The irony of the Balkan conflicts in the 1990s is that they became a war against multiculturalism, especially the hybrid state of former Yugoslavia. Johnstone writes:

In their effort to win separate states of their own, Croats, Albanians, and Bosnian Muslims shared a common enemy. That common enemy was multinational Yugoslavia. Politically, the formula for winning support from American politicians was to identify Yugoslavia with the Serbs and the Serbs with “communism”….

The case of Yugoslavia has already illustrated the functioning of this ideology, with its inherent bias in favor of “nation-splitting” versus “nation-building” peoples…. the Serbs were necessarily the villains in Yugoslavia, because they were the relative majority and preferred a multinational nation-state to ethnic separatism.

Gerrymandering Division

In my mind what also doomed Titoist Yugoslavia was the spiraling debt of the central government that, come the end of the Cold War, lost its subsidies from both the East (the Soviet Union) and West (the United States and the EU). Previously, Yugoslavia was a swing vote in the Cold War, and that kept it solvent.

In such a game of financial musical chairs, republics such as Slovenia and Croatia didn’t want to be left holding the bag of Belgrade’s federal debts when the music stopped, and they decided they would be better off independent than part of a larger confederation that had a weak economy, runaway foreign debt, and ruinous inflation. (Nor in 1991 did Yugoslavia have an offer on the table to join the European Union.)

Then the problem was that while Slovenia mostly was made up of Slovenes, the other major republics—Croatia and Bosnia-Herzegovina, especially—had large Serbian minorities that did not want to live, as a minority, in a country other than Yugoslavia.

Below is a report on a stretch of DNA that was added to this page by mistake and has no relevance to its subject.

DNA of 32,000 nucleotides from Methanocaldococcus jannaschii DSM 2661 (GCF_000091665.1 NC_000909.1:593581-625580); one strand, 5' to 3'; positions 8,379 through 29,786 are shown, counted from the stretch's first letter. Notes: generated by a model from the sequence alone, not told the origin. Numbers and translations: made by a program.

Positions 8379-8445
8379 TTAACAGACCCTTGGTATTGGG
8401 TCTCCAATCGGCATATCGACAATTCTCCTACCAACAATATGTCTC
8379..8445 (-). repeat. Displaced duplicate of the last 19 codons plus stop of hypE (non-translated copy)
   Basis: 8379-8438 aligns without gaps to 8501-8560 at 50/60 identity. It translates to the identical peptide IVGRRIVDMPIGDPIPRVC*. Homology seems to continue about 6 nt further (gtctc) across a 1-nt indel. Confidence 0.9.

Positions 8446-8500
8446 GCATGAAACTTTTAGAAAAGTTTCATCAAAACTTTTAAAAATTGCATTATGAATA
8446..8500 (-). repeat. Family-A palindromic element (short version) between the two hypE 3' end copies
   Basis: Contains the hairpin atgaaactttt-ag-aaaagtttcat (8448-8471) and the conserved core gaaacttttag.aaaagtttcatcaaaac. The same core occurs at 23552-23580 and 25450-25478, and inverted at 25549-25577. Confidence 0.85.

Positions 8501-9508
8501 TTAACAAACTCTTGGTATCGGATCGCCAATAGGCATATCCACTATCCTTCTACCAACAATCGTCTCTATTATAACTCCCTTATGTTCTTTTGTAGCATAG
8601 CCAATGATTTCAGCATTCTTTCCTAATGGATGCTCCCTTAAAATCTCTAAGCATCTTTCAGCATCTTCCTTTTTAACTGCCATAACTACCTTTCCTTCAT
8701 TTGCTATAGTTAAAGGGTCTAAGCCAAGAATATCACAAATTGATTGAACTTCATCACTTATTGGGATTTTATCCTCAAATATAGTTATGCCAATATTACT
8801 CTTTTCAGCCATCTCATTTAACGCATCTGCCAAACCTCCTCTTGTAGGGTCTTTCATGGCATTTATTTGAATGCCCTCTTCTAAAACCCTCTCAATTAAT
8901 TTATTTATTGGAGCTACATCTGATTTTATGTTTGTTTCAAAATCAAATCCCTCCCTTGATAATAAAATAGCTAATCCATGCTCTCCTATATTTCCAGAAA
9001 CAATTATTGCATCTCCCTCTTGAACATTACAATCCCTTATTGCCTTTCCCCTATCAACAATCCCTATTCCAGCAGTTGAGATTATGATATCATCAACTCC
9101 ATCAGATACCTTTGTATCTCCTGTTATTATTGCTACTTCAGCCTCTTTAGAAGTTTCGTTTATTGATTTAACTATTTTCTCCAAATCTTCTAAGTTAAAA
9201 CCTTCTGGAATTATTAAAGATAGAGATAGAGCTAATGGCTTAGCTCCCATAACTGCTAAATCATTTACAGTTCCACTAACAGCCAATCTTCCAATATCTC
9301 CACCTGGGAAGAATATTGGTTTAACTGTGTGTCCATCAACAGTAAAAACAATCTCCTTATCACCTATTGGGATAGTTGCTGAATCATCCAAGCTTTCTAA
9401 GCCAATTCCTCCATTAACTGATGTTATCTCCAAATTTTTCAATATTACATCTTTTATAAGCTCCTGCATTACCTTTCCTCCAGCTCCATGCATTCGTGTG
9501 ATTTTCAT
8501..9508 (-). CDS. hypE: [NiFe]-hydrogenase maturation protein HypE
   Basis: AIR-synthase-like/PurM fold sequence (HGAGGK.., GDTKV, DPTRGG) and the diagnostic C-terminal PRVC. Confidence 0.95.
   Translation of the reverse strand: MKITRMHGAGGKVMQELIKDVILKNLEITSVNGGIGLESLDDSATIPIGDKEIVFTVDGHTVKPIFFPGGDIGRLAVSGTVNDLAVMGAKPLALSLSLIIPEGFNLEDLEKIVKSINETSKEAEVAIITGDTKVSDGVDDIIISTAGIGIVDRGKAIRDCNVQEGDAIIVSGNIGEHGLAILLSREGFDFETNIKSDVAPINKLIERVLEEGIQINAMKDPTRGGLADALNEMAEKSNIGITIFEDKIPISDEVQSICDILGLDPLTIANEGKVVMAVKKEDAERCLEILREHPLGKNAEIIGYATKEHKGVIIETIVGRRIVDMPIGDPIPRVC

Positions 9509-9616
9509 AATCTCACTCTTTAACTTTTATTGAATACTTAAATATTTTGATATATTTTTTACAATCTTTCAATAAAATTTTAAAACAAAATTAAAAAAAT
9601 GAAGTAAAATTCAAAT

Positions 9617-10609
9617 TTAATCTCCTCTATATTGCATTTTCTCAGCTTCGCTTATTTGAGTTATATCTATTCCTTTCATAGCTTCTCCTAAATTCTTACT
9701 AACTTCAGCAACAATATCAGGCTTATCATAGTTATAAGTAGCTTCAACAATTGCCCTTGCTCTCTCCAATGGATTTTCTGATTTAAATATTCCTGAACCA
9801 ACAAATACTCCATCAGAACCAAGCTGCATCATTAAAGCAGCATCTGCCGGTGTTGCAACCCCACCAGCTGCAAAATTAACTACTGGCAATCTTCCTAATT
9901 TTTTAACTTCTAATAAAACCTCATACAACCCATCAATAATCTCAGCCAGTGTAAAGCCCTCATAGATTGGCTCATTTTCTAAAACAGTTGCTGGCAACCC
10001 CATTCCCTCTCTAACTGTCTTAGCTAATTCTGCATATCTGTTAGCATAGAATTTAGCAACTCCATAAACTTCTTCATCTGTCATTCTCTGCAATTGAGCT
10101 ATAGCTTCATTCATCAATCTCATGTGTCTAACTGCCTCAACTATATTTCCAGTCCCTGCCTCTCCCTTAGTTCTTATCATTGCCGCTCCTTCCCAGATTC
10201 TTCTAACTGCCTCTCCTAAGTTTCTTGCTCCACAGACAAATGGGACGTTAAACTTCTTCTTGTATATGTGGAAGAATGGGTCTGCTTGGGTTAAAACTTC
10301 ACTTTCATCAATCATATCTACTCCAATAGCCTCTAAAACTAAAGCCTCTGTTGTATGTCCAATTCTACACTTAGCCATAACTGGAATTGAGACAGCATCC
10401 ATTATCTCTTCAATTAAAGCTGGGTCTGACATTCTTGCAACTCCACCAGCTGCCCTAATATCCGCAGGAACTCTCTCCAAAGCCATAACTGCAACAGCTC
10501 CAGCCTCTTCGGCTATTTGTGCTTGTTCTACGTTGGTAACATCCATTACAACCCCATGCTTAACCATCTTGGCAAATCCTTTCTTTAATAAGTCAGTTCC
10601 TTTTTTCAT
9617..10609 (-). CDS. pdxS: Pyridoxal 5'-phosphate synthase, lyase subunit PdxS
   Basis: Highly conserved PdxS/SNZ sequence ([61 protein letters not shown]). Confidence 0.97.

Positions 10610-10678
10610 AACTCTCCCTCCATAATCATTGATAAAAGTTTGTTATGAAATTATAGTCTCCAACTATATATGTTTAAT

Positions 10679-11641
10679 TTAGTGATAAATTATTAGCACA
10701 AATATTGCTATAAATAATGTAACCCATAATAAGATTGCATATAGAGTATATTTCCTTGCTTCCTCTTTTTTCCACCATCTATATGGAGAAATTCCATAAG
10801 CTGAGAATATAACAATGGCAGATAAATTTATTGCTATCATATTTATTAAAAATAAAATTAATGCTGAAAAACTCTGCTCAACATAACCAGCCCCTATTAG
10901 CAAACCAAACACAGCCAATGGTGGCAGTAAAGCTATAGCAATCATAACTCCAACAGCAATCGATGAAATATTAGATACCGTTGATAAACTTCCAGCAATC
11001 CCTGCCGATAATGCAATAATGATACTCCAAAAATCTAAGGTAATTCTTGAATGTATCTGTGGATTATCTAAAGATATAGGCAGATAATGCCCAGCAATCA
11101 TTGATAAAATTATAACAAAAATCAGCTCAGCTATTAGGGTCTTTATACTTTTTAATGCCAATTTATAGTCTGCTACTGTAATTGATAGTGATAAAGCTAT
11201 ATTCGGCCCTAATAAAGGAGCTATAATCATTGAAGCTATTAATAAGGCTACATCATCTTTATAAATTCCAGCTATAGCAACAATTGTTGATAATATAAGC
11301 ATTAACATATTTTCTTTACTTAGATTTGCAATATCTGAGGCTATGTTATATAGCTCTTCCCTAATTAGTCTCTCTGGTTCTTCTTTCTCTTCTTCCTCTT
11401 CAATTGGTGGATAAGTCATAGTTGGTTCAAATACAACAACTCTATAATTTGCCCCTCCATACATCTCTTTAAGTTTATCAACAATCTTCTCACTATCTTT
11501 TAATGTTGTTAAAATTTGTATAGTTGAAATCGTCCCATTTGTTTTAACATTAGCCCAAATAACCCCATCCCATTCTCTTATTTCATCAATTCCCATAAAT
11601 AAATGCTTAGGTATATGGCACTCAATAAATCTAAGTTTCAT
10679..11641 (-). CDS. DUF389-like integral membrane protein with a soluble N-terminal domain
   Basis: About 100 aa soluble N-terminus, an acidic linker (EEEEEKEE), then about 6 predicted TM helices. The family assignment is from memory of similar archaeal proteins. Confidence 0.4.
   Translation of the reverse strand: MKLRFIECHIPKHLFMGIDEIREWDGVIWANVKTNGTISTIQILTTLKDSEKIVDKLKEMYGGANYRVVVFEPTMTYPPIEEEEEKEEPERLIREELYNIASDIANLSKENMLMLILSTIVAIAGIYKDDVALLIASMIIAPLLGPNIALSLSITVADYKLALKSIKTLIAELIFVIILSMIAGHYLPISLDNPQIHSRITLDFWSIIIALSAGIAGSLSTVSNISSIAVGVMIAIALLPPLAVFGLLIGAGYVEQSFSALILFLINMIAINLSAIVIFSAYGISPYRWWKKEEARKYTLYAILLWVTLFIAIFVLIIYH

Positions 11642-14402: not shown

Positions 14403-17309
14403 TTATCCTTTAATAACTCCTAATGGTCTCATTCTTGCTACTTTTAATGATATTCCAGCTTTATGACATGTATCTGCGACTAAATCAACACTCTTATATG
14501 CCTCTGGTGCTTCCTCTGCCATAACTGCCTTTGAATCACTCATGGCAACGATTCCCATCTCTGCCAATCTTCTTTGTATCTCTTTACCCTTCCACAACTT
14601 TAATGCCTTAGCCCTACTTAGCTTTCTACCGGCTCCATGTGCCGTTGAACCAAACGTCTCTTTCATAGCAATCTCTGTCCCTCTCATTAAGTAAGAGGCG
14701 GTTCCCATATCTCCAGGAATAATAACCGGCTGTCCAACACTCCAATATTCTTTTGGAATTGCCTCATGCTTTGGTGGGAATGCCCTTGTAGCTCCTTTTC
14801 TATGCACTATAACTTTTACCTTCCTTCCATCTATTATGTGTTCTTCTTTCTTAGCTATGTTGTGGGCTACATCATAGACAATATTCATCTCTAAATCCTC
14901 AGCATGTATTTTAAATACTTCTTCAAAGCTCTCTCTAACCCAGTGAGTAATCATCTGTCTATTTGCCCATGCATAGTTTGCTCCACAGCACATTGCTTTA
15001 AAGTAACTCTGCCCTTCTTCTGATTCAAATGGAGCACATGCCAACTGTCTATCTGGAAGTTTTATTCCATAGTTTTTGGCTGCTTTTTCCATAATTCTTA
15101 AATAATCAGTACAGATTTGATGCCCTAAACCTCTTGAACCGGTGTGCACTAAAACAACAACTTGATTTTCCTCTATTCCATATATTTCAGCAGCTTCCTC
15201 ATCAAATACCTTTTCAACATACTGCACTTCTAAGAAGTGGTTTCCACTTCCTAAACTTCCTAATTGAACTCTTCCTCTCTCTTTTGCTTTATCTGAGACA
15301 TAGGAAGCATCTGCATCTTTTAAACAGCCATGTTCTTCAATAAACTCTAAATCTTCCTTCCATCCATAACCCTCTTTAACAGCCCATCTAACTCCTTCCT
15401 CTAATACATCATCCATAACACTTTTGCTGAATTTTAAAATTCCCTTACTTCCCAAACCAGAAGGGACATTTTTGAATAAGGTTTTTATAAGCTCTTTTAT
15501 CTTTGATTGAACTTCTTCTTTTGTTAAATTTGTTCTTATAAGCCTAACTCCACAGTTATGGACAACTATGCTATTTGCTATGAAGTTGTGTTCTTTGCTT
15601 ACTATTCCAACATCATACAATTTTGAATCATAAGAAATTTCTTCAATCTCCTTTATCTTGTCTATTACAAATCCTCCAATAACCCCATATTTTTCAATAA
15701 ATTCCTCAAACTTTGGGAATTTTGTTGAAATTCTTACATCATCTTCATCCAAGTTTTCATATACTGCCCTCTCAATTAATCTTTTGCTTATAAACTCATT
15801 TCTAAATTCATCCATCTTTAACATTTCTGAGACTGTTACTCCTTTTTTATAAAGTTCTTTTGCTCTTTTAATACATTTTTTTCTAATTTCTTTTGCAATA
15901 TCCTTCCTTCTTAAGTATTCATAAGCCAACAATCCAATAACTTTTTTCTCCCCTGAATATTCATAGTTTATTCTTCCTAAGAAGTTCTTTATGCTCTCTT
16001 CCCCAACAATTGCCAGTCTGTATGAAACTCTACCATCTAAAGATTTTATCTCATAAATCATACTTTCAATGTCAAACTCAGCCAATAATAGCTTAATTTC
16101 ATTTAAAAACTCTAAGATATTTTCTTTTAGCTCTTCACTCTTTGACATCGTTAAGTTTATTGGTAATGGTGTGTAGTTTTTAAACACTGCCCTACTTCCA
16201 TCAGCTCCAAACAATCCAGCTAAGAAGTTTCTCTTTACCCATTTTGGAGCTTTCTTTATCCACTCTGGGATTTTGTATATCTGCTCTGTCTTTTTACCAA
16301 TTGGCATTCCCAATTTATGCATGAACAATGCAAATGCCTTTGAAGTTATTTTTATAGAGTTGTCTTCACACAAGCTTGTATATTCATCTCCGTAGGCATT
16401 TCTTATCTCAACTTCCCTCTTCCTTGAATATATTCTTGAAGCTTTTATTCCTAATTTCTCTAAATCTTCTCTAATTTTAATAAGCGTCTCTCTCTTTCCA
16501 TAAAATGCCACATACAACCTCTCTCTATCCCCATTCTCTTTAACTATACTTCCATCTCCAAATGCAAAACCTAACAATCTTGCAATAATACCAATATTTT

What finally pushed Yugoslavia over the geopolitical edge was the German government’s insistence in 1992 on recognizing the independence of Slovenia, Croatia, and Bosnia-Herzegovina without considering that such precipitous acts would doom all the countries of former Yugoslavia to civil wars—as minorities fought to escape.

Yugoslavia paid a bill that Germany ran up in the era of its expanded Eastern European influence after the absorption of the German Democratic Republic. I am not saying that they did it for Lebensraum, but the sphere-of-influence echoes can be heard.

Serbs no more wanted to live as minorities in Croatia or Bosnia-Herzegovina than did Kosovars want to live in Serbia, and while the fighting ended in the 1990s the fractures remain.

If you want a war in Europe, draw state borders around any nationality, and see who gets included and see who is left out in the newly formed nation-state. For example, look at Ukraine and Russia today, where many of many of the issues from Yugoslavia’s demise are getting a reprise.

Next installment: Saving Sarajevo’s books.

Earlier pieces in this series can be read here.

Matthew Stevenson is the author of many books, including Reading the Rails, Appalachia Spring, andThe Revolution as a Dinner Party, about China throughout its turbulent twentieth century. His most recent books are Biking with Bismarck and Our Man in Iran. Out now: Donald Trump’s Circus Maximus and Joe Biden’s Excellent Adventure, about the 2016 and 2020 elections.